Geographical Mapping of a Multifocal Thyroid Tumour Using Genetic Alteration Analysis & MiRNA Profiling
ST Aherne, PC Smyth, RJ Flavin, SM Russell, KM Denning, J Li, SM Guenther, JJ O'Leary, OM Sheils. Trinity College Dublin, Dublin, Ireland; Applied Biosystems, Foster City, CA; St James's Hospital, Dublin, Ireland
Background: Papillary thyroid carcinoma (PTC) frequently presents as multiple tumour-foci within a single thyroid gland or pluriform, with synchronous tumours comprising different histological variants, raising questions regarding its clonality. Among genetic aberrations described in PTC, BRAF V600E mutation and ret/PTC activation occur most commonly. Several studies have investigated the genetic alteration status of multifocal thyroid tumours, with discordant results. To expand on the question of clonality the objective of this study was to examine disparate geographical and morphological areas from a single PTC for the presence of ret/PTC or BRAF mutations and correlate it with miRNA expression profiles.
Design: A multicentric PTC containing classic PTC, insular and anaplastic foci, & tumour cells adjacent to vascular invasion and lymphocytic infiltrate was examined for the presence of ret/PTC & BRAF mutations. Geographical data was correlated with expression profiles of 330 miRNAs. Hierarchical clustering analysis of the profiles, miRNA gene target prediction, & immunohistochemistry were also performed.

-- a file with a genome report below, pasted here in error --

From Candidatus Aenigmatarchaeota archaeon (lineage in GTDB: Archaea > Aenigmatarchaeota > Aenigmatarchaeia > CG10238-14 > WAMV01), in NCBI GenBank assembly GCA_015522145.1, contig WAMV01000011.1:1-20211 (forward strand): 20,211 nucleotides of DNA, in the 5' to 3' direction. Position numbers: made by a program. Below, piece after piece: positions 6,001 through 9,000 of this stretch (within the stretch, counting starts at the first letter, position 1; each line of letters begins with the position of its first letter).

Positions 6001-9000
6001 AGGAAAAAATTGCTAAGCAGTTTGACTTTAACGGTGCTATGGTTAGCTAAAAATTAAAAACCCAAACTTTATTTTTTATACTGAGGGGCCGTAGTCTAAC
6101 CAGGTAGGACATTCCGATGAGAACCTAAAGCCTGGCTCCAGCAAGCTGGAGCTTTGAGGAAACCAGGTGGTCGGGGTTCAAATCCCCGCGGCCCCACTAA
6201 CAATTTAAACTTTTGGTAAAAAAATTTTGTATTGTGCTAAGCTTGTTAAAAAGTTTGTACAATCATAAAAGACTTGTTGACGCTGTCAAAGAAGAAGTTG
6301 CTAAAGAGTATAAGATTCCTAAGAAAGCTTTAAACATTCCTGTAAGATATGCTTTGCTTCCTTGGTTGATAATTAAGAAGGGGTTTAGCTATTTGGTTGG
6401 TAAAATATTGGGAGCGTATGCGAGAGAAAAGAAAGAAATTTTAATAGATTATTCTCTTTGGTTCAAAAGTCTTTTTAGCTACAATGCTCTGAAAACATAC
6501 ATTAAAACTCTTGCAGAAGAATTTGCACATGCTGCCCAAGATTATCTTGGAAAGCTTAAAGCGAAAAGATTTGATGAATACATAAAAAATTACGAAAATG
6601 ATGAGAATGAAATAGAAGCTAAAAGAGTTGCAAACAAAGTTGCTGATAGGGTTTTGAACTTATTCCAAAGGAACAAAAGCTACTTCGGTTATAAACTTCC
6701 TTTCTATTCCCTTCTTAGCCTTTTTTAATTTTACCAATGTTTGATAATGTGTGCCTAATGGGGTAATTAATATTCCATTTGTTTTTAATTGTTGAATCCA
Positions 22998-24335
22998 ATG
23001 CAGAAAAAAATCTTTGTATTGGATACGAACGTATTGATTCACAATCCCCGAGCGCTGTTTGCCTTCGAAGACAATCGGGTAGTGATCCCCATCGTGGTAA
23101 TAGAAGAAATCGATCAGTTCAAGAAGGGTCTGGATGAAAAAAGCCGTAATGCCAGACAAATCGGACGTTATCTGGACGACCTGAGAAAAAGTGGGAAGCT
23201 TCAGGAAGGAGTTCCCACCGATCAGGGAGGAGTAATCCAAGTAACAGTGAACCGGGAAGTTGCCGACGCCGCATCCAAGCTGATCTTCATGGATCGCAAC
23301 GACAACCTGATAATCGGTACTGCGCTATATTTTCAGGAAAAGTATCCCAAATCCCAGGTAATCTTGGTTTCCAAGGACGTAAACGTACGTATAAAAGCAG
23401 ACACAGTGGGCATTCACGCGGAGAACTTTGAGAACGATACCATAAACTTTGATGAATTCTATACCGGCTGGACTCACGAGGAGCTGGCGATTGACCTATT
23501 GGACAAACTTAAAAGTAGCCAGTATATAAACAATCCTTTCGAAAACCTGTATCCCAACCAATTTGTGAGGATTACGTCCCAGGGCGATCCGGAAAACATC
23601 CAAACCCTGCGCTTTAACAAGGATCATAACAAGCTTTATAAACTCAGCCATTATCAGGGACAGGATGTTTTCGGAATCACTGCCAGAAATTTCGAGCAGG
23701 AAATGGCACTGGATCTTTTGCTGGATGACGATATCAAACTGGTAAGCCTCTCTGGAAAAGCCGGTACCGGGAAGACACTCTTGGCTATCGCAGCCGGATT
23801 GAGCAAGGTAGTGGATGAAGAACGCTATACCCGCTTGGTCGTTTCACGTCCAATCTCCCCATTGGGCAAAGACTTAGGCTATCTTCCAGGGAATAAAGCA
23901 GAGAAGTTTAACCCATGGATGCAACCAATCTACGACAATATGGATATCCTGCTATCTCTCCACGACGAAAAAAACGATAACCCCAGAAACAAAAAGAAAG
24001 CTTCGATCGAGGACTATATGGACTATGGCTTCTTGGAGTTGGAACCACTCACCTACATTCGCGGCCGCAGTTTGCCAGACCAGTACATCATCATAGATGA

Results: Each morphological area proved negative for ret/PTC 1 rearrangement. Two distinct foci with classic morphology harboured the BRAF mutation. All other regions, including the insular and anaplastic were negative for the mutation. MiRNA profiles were found to distinguish tumours containing the BRAF mutation from the other tumour types, & differentiate between insular and anaplastic tumours. Profiles also included miRNAs previously discovered in this cancer, and miRNAs linked to various processes involved in tumour growth and proliferation.
Conclusions: The initial genetic alteration analysis indicated that pluriform PTC did not necessarily evolve from classic PTC progenitor foci. MiRNA profile analysis, however provided an interesting interpretation to the answer of the clonality question. The hierarchical clustering analysis indicated that the multiple foci may not have arisen due to the clonal metastasis of tumour cells or of independent mutational events, but perhaps both phenomena can occur simultaneously within the one tumour to enhance cancer progression. Putative gene targets were also obtained for the differentially regulated miRNAs raising the question as to the utility of these RNAs as either biomarkers or biological mediators.
Tuesday, March 10, 2009 1:00 PM
Poster Session IV # 79, Tuesday Afternoon